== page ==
Andrew Baker of Queen's University Belfast posted a couple of comments over the weekend that I held back and, with his permission, post now as a blog.
Andrew started by saying in response to the suggestions by Andy Haldane on increasing inflation rate targets that:
IMF staff have been floating the idea of moving inflation targets to 4% for the last 18 months or more, mainly with a view to the Eurozone, so as to give the ECB more room for easing (18 months ago) and so as to reduce the value of debt in some euro zone countries.
He then added:
I have four questions:
1. Going to 4% in the UK would seem to me to be ineffective, because there is consistent undershooting of a 2% target. Consequently how would this deal with immobilised monetary policy? It seems to me it doesn’t, but going to 4% maybe something you want to do in the medium term, but it does not immediately increase the policy armoury? Can anyone explain Haldane’s thinking, it looks to me like a fairly desperate attempt to defend inflation targeting over the medium term, which doesn’t really get to the root of the problem?
2. This raises the question of how 2% became more or less the norm around the world. It always struck me this was a very loose and intuitive figure. And once it became established it was about signalling credibility by conforming to the norm. I am not aware of research showing how this was an optimum level for society as a whole in terms of its distributional effects. If we accept the basic premise that high inflation hits those at the bottom of the income stream, with least disposable income most, can anyone point me to research that shows that 2% was optimum for low income groups? I’m not aware of any, and I suggest no such research was conducted, because the justifications for CBI were all about symbolic credibility and not optimum distribution and collective societal welfare. Happy to be shown to be wrong if anyone can point to research showing the distributional benefits of 2%? I suspect 2% was like the 3% of GDP for fiscal deficits in the Maastricht criteria, — it was a back of the envelope calculation that was literally plucked out of the air — and became the norm, and therefore ‘credible’ and the definition of ‘credibility’.
3. Surely the analysis has to begin with diagnosis — what is the primary macroeconomic problem and then you ask — what monetary policy can do to tackle that — for example if you define this as a short fall of demand together with depleted infrastructure (broadly defined) that is neglected by private sector funds, than you ask how monetary policy can be adjusted and experimented with to help — in relation to those problems. Haldane seems to be suggesting deflation/ disinflation is the problem. The question surely is whether this is a symptom of something more fundamental? If you moved to full on long term deflation that would be a problem no doubt, but it is not cause, — you need to identify the cause. He seems to be hinting at prolonged stagnation — so you surely ask what is the root cause of that?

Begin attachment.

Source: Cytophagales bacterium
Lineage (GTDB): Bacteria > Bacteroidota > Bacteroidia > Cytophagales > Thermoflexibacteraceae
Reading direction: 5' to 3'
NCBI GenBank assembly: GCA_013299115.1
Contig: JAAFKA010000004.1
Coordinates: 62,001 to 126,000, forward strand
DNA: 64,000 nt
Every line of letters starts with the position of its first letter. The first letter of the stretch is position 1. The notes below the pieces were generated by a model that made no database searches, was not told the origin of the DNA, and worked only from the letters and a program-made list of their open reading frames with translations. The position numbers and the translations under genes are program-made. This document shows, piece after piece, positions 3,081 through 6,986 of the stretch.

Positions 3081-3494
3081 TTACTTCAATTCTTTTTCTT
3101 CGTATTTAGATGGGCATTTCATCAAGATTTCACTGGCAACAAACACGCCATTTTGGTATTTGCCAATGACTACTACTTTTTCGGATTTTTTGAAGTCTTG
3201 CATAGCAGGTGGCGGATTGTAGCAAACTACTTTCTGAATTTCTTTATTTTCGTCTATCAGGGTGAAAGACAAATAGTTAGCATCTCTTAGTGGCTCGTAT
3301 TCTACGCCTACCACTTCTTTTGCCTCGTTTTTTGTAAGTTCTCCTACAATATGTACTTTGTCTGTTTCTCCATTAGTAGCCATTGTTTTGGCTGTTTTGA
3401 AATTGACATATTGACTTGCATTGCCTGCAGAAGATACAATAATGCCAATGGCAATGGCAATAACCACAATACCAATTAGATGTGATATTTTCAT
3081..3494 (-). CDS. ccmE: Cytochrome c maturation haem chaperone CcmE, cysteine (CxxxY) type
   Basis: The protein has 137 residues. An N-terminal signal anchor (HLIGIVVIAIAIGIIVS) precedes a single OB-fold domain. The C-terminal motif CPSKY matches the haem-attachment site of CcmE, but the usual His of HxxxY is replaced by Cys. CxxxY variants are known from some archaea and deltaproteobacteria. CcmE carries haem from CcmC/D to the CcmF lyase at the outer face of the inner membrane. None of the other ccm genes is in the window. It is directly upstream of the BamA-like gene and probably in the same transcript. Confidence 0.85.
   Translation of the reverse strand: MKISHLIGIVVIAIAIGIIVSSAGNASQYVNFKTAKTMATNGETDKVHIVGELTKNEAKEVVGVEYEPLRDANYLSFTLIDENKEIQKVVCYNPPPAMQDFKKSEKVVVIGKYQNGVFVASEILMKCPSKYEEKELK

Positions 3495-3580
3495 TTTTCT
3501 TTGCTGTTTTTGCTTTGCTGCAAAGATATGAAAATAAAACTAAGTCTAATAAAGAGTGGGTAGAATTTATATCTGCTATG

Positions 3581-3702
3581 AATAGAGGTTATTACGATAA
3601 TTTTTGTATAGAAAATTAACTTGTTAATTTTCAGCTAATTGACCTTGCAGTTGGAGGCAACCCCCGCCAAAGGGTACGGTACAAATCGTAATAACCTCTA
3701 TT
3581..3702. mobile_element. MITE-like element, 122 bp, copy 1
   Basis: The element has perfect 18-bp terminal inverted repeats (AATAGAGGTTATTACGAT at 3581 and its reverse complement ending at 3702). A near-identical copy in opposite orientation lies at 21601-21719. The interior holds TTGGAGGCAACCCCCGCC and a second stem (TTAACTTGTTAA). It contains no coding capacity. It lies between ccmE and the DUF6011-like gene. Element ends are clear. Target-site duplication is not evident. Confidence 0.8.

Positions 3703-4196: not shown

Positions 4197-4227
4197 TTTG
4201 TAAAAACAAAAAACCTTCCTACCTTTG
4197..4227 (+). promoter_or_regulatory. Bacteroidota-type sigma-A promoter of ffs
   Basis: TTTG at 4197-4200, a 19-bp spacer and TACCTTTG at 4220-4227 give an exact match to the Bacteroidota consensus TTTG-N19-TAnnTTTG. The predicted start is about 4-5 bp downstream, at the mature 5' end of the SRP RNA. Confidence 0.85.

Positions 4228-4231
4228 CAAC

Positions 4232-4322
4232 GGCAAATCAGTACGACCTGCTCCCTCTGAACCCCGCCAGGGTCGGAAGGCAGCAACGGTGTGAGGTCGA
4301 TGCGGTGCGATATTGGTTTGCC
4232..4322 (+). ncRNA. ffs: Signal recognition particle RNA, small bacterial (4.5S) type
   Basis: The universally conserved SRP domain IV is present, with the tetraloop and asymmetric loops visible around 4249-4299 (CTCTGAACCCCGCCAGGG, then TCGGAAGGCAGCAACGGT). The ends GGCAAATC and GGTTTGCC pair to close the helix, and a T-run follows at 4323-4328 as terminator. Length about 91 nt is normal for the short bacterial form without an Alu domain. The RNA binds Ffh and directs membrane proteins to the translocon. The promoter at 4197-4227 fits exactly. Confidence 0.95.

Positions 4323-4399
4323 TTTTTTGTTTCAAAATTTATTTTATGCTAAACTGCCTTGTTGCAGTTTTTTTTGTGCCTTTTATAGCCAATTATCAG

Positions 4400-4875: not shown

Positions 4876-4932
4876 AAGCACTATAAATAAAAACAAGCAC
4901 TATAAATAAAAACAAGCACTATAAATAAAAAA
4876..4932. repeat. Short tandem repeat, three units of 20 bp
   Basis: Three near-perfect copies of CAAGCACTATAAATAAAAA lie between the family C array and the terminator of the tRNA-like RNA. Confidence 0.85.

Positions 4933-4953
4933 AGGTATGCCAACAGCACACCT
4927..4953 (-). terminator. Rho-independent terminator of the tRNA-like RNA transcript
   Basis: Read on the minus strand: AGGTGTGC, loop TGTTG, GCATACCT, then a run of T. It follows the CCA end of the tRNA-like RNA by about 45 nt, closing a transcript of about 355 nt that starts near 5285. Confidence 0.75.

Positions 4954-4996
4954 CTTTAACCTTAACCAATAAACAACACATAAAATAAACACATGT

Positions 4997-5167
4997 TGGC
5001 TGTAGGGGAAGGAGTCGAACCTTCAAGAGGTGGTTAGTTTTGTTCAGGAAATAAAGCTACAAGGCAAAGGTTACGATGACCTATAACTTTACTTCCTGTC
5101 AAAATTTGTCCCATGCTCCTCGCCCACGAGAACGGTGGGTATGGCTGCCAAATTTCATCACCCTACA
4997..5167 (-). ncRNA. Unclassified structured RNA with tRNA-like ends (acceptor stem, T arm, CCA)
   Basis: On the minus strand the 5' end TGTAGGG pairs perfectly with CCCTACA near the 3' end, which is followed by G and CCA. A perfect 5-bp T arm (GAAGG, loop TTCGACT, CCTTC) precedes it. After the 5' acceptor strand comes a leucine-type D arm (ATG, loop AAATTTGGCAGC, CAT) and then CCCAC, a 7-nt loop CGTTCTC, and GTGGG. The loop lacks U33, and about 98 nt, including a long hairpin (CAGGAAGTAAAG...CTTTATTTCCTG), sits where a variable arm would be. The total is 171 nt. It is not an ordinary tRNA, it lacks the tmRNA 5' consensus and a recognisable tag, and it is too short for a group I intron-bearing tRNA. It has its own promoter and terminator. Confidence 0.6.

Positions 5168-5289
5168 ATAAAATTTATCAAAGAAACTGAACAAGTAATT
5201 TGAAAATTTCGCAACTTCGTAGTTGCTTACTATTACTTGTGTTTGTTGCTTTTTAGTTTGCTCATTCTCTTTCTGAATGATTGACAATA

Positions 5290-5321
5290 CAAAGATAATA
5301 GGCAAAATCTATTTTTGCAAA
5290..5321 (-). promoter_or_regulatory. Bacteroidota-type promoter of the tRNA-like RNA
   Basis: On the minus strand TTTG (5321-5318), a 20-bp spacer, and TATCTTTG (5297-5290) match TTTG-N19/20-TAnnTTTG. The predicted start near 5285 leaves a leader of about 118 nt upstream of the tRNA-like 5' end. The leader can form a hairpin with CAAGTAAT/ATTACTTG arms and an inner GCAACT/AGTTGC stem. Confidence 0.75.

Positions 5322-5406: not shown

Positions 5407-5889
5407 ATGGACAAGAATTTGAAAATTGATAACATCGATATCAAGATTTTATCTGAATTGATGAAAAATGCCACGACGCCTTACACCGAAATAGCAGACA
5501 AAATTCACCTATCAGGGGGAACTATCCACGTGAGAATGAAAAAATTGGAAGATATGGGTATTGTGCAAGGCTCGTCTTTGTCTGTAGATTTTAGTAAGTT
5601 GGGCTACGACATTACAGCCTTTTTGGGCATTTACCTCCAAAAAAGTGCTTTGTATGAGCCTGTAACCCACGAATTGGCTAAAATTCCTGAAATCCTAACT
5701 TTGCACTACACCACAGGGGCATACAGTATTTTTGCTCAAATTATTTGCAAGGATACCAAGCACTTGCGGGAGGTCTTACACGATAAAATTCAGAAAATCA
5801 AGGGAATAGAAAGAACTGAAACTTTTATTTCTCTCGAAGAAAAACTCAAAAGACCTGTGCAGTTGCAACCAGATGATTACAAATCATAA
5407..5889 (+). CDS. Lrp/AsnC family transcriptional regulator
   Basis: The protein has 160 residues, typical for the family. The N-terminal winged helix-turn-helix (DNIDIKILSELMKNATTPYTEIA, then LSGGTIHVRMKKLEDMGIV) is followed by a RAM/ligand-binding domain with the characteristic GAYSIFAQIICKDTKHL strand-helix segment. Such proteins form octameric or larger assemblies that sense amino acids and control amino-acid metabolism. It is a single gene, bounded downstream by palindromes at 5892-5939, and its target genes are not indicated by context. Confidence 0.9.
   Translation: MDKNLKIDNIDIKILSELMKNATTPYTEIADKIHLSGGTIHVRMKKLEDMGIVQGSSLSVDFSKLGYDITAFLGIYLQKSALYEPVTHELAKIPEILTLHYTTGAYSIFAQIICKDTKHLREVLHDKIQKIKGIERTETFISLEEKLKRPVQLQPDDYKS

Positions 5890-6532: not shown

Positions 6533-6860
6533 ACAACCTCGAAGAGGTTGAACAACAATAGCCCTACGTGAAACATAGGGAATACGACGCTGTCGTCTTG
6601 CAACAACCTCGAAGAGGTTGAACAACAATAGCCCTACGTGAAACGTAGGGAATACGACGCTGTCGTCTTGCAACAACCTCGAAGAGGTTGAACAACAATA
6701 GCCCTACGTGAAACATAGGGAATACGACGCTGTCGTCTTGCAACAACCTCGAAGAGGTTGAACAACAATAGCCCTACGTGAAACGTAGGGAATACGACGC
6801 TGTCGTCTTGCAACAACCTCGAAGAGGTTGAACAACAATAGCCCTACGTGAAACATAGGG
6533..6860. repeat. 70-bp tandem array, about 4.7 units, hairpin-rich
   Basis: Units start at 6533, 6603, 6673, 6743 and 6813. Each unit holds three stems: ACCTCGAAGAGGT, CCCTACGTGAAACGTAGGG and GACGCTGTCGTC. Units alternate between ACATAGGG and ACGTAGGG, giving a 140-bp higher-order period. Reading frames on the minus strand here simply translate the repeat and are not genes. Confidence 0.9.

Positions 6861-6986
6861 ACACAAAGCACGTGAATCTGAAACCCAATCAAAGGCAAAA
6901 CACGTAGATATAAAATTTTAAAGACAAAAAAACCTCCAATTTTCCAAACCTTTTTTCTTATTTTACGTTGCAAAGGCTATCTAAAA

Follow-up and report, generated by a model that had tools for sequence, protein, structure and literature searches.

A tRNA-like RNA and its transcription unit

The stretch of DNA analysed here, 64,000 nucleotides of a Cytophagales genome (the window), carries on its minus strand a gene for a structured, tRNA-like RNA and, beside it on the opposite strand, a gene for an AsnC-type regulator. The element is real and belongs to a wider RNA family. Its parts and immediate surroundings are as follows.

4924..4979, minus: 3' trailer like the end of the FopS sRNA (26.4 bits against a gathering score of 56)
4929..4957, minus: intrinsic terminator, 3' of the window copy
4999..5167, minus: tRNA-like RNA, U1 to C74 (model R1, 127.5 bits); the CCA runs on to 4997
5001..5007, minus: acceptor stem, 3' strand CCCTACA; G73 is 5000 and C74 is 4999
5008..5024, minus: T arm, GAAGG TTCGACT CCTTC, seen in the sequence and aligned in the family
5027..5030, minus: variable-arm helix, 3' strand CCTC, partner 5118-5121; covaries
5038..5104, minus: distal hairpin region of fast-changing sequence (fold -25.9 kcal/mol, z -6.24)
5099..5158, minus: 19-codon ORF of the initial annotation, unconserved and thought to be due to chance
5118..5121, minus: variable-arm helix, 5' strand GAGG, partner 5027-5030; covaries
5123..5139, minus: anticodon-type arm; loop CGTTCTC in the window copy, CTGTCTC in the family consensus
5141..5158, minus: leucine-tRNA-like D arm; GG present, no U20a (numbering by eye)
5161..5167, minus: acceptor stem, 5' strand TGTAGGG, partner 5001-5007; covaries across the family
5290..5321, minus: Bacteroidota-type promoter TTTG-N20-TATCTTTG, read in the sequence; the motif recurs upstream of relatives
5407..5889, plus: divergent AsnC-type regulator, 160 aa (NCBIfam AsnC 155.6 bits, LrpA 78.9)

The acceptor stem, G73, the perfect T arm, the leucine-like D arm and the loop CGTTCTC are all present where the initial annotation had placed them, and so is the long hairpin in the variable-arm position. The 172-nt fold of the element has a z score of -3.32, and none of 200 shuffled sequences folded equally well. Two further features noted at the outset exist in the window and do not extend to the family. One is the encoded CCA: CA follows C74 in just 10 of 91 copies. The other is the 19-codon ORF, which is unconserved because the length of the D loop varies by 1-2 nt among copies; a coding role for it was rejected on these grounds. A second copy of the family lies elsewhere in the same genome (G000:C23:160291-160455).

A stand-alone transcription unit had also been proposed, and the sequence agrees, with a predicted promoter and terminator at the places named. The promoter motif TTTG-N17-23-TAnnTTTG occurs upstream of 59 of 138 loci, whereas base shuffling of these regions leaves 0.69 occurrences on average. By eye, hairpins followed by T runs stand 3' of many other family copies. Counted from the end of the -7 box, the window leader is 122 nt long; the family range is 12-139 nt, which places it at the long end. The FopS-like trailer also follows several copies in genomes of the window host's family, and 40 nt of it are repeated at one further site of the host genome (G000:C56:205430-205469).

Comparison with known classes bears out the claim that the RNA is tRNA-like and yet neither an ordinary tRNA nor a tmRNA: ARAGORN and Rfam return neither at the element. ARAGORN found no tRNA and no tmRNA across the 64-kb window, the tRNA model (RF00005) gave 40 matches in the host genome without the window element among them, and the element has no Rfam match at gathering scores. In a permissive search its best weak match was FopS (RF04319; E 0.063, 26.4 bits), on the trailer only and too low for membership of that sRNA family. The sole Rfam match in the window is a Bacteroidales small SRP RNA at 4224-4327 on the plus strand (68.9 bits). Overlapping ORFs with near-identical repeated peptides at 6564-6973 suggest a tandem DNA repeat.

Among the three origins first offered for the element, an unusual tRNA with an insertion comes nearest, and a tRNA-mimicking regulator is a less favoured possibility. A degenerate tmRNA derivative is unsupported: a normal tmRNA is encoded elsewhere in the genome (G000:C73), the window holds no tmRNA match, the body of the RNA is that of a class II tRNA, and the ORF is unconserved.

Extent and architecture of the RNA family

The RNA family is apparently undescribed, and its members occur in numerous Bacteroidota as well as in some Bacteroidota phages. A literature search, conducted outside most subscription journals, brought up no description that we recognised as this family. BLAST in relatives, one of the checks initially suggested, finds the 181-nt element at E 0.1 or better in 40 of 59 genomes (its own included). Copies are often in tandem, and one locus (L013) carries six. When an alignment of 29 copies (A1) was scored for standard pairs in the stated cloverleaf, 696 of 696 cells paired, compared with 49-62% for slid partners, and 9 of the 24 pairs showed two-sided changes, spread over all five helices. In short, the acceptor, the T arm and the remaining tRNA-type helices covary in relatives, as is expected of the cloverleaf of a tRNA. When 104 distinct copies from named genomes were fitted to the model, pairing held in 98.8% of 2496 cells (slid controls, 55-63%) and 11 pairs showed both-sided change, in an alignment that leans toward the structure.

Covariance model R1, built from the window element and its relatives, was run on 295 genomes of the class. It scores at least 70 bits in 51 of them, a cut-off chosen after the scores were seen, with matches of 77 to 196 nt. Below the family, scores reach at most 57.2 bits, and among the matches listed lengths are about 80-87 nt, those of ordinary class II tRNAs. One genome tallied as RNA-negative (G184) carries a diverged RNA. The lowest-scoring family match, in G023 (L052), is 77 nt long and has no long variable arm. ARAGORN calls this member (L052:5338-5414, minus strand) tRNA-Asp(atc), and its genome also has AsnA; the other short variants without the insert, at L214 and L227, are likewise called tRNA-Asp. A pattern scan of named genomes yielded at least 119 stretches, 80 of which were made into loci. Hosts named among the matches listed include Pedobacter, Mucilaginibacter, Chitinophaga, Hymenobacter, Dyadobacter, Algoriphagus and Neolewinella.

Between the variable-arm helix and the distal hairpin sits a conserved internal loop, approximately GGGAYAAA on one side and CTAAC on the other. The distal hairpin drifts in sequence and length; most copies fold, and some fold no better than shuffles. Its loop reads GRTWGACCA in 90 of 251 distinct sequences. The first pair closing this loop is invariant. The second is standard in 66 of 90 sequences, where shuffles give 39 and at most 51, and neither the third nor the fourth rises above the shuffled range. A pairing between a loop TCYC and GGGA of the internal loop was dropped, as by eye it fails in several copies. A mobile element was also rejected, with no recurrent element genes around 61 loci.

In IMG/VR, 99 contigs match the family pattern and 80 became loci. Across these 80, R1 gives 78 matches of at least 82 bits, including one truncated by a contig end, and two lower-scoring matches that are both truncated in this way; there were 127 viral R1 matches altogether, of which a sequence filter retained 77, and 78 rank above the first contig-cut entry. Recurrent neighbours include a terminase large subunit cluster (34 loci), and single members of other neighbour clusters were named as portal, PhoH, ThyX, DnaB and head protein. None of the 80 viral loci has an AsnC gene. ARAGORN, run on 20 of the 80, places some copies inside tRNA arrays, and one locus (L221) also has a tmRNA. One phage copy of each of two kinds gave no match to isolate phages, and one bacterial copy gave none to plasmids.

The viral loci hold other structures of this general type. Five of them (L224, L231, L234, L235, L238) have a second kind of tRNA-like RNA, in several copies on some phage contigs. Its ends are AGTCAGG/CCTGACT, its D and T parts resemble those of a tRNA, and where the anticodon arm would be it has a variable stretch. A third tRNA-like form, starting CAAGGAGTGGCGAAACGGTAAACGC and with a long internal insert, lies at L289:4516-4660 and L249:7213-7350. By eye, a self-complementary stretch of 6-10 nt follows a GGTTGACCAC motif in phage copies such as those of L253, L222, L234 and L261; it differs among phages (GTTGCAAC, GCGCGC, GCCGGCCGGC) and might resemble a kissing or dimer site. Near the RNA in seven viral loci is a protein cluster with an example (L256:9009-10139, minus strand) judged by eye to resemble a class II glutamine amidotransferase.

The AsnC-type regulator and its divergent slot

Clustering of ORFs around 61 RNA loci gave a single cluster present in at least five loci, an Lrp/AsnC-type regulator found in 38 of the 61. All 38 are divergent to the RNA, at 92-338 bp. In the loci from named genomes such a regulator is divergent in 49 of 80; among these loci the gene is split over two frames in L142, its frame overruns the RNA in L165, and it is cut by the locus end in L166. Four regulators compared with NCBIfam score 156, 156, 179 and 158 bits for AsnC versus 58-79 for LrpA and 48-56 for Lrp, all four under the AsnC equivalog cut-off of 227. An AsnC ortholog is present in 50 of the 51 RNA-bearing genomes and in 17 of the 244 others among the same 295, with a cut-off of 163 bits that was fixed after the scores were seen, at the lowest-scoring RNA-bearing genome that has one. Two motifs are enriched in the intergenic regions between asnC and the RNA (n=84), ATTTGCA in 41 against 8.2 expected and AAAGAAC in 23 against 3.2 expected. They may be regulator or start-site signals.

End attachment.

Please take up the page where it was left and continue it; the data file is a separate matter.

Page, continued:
4. Haldane’s main concern seems to be to defend CBI. Fair enough I accept a central bank should have a price stability mandate and latitude to deliver that through interest rates. But why is it a problem to acknowledge reality and say you having one mandate/ target/ policy rule that applies all of the time is unrealistic? The nature of capitalism over the long run is that strange things happen that confound conventional expectations every 40 years, or so. Surely if you are going to do institutional design for central banks you need to distinguish between normal and non-normal times (when inflation is very low and unemployment quite high), and in those circumstance you need to build in experimental and contingent clauses, — that ask the central bank (to do extra stuff QE of different forms) — we’ve already been doing it informally. Is the suggestion that this destroys anti-inflationary ‘credibility’? This seems to me to be nonsense. The greater danger is informal instruction. Having contingencies were the central bank accepts treasury instructions under specified circumstances while still retaining some autonomy, actually seems to me to be a way of maintaining a more nuanced, and sophisticated modified form of CBI. If your position is CBI in its current terms is a sacred cow and a box that must not be opened, it seems to be to a completely untenable position in the current circumstances. So what am I missing here, from those so reluctant to put this issue of CBI on the table?
The purpose of all of the above was to say when you begin to analyse CBI it starts to look like a social construction, based on certain accepted ‘norms’, where following the ‘norms’ signals ‘credibility’.
But ‘norms’ cannot stay the same forever, because circumstances and context can and do change. If the norms and the policy rules they give rise to become redundant and cease to act as a reliable guide for policy (for nearly a decade), — where is the ‘credibility’? At that point you have to redesign them and come up with a more sophisticated and contingent institutional design. This seems too big a mental block/ hurdle for some to jump over. I’m trying to work out why. And the best I can come up with is the fear that if you start to change and tamper with central bank institutional design you will lose everything and anti-inflationary credibility will suddenly evaporate. I don’t think that is a fully thought through tenable or entirely rational position. There is a mental block based on fear, out there on the subject of central bank institutional design. Very damaging — because we really need a sensible debate about this.
I think this conclusion is likely to be correct.
Call it clinging to straws.
And yes, we do need that debate on this.